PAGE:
Next supply input to the job. A small amount of text will suffice for this example. This has the benefit of allowing us to check whether we received the right results at a glance. This same example could, however, be run on a much larger dataset (try it out when you are finished!). Use something simple, preferably with repeated words, like the text shown in the screenshot in Job Input:
Now define a mapper. The following mapper does exactly what is described in Example: WordCount in the introduction to map-reduce: it takes an entire line of input as its key (ignoring the empty value), and outputs every word in the line along with a 1 as the value:
def mapper(key, val): for word in key.split(): Wmr.emit(word, '1')
Notice the following parts of the code:
If the mapper receives the line “one fish” as input, its output should be:
one 1 fish 1
Finally, we will write a reducer. This reducer adds all the 1‘s associated with each word to get a final count:
def reducer(key, vals): sum = 0 for val in vals: sum += int(val) Wmr.emit(key, str(sum))
Notice the following:
|||All languages require certain names for mappers and reducers, although the exact name may differ. The chapter on each language will give the specific requirement.|
|||(1, 2) Although this is generally true in WebMapReduce, some languages may behave differently. These differences will be noted in the chapter for each language.|
|||Other languages may have similar functions, or they may use the return value of the function as output. See the chapter on each language.|
Now we can submit the job. We will make sure our job is written correctly by submitting it as a test job, clicking Test.
The result screen for test jobs appears immediately, and results appear as soon as the test is completed. Test jobs have a much faster turnaround than a distributed job, and you can see any error output (if available) in addition to the regular output of your jobs. This makes test jobs a helpful tool for debugging map-reduce programs. As seen below, the test job run for the example succeeded, and the output is correct:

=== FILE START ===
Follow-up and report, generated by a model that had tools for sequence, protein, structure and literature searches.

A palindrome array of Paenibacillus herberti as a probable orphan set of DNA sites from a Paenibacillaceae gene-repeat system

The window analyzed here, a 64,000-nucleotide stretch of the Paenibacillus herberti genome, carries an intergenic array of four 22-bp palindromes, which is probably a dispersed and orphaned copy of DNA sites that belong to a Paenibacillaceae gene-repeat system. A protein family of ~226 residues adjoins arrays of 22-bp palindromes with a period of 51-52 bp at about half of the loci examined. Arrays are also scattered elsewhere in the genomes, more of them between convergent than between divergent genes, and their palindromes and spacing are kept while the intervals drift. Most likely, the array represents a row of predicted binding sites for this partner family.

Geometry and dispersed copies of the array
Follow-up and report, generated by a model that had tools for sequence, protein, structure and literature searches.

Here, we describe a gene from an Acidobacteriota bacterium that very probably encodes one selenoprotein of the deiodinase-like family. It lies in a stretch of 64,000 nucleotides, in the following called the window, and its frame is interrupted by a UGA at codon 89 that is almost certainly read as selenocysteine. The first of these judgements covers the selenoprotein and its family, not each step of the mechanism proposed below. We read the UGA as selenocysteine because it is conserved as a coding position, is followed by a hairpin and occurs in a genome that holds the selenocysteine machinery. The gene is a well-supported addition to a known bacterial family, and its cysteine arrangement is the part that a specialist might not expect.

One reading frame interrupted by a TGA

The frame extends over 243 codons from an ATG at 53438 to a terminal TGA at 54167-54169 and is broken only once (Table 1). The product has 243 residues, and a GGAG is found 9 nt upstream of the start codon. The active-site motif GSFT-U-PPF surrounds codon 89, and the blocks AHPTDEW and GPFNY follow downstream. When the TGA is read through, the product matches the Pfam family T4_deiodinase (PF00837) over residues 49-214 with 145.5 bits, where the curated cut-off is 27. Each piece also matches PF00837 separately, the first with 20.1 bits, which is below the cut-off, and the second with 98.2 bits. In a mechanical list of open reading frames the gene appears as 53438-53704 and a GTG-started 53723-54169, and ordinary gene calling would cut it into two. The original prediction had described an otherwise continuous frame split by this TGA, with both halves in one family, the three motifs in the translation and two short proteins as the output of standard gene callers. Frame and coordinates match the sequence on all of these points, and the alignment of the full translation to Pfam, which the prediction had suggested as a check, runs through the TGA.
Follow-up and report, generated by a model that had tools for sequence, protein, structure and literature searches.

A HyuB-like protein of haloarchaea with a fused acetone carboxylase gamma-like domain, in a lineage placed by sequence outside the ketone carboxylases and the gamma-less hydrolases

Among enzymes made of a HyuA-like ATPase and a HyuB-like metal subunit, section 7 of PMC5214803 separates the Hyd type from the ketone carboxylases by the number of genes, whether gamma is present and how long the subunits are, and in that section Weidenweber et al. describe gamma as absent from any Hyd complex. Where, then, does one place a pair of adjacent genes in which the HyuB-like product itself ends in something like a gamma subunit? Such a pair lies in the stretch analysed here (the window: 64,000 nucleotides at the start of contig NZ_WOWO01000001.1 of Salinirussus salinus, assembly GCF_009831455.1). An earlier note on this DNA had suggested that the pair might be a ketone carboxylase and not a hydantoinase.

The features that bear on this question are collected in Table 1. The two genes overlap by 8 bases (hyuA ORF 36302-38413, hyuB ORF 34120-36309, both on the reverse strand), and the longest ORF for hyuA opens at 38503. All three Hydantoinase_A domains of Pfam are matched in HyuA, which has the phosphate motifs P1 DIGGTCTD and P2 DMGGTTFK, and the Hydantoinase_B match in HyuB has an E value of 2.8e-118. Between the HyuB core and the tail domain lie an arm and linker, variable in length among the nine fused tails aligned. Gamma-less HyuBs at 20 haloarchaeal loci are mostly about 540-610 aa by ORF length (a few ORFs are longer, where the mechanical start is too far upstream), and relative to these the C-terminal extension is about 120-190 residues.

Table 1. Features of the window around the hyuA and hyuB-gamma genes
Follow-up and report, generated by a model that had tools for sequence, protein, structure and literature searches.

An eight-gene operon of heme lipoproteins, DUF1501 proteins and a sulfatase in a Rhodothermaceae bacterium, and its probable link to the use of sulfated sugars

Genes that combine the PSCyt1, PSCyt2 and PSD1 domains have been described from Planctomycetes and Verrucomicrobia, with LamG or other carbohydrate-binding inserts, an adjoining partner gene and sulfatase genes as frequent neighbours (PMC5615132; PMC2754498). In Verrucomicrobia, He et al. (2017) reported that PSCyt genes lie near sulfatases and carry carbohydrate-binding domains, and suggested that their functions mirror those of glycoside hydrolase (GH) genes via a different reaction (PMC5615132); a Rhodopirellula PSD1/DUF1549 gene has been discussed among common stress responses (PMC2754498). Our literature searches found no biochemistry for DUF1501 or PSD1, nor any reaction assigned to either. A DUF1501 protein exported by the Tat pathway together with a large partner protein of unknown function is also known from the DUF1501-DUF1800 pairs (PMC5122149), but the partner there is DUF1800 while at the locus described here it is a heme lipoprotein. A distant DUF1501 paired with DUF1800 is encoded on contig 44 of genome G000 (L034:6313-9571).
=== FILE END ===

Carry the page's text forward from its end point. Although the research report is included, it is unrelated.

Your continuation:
Under Mapper, we see each key-value pair that was output from our mapper (keys separated from values by tabs), and under Reducer, we see the final, sorted result of our job.
Once jobs have been tested, they can be run on the cluster where there is a much greater amount of computing power and no limit on input. Click Resubmit Job link to reload the job form. Notice that the input has been changed to a Cluster Path. This is because when jobs are submitted (or saved) any external input is uploaded to the DFS. WebMapReduce automatically handles locating and using this data when reusing configurations.
To submit the job as a cluster job, click the Submit button at the bottom of the form.
If the job is submitted without errors, you will be redirected to the monitoring page. This page provides progress information about the running job and automatically refreshes to update the information. Additionally, you can cancel the job by clicking Kill Job if it is taking too long, not working properly, stuck in an infinite loop, etc.
Before you decide to kill a job, be patient! Sometimes, running a job on a full-blown cluster can take significant set-up time. Also, other users may be running their own jobs which have higher priority than yours, causing your job to be queued until more resources are available.
However, if you see that your job progresses for a while and stops for a significant amount of time—or sometimes, goes backwads and tries again many times—your program may be stuck in an infinite loop. Kill the job, go back, and try to debug it using test jobs or other tools. If that doesn’t help, there may be a problem with the cluster. Contact your administrator.
There can be a significant amount of overhead between the map phase and reduce phase of a map-reduce job, so there may be a period of time during which the mapper progress will be at 100%, and the reducer progress will remain at 0%. This is normal behavior, especially for small jobs, which may spend more time being distributed over the cluster than they spend actually running. Similarly, the mapper and reducer progress may remain at 100% while the output is being collected and the job finalized.
If the map-reduce system cannot run your reducer, the job will fail and you will be given an error message. If this happens, go back and try to debug your job using test jobs. If your job works when testing but fails on the cluster, contact your administrator.
Once the job is finished, the output is collected from the DFS and the user is given the option to use the output as the input for a new job. The output is displayed on-page, and is split into multiple pages if it exceeds a certain size.
For any questions related to the use of WebMapReduce, please see the WMR help and discussion forum at:
For documentation for each language, please see subsequent chapters of this User Guide.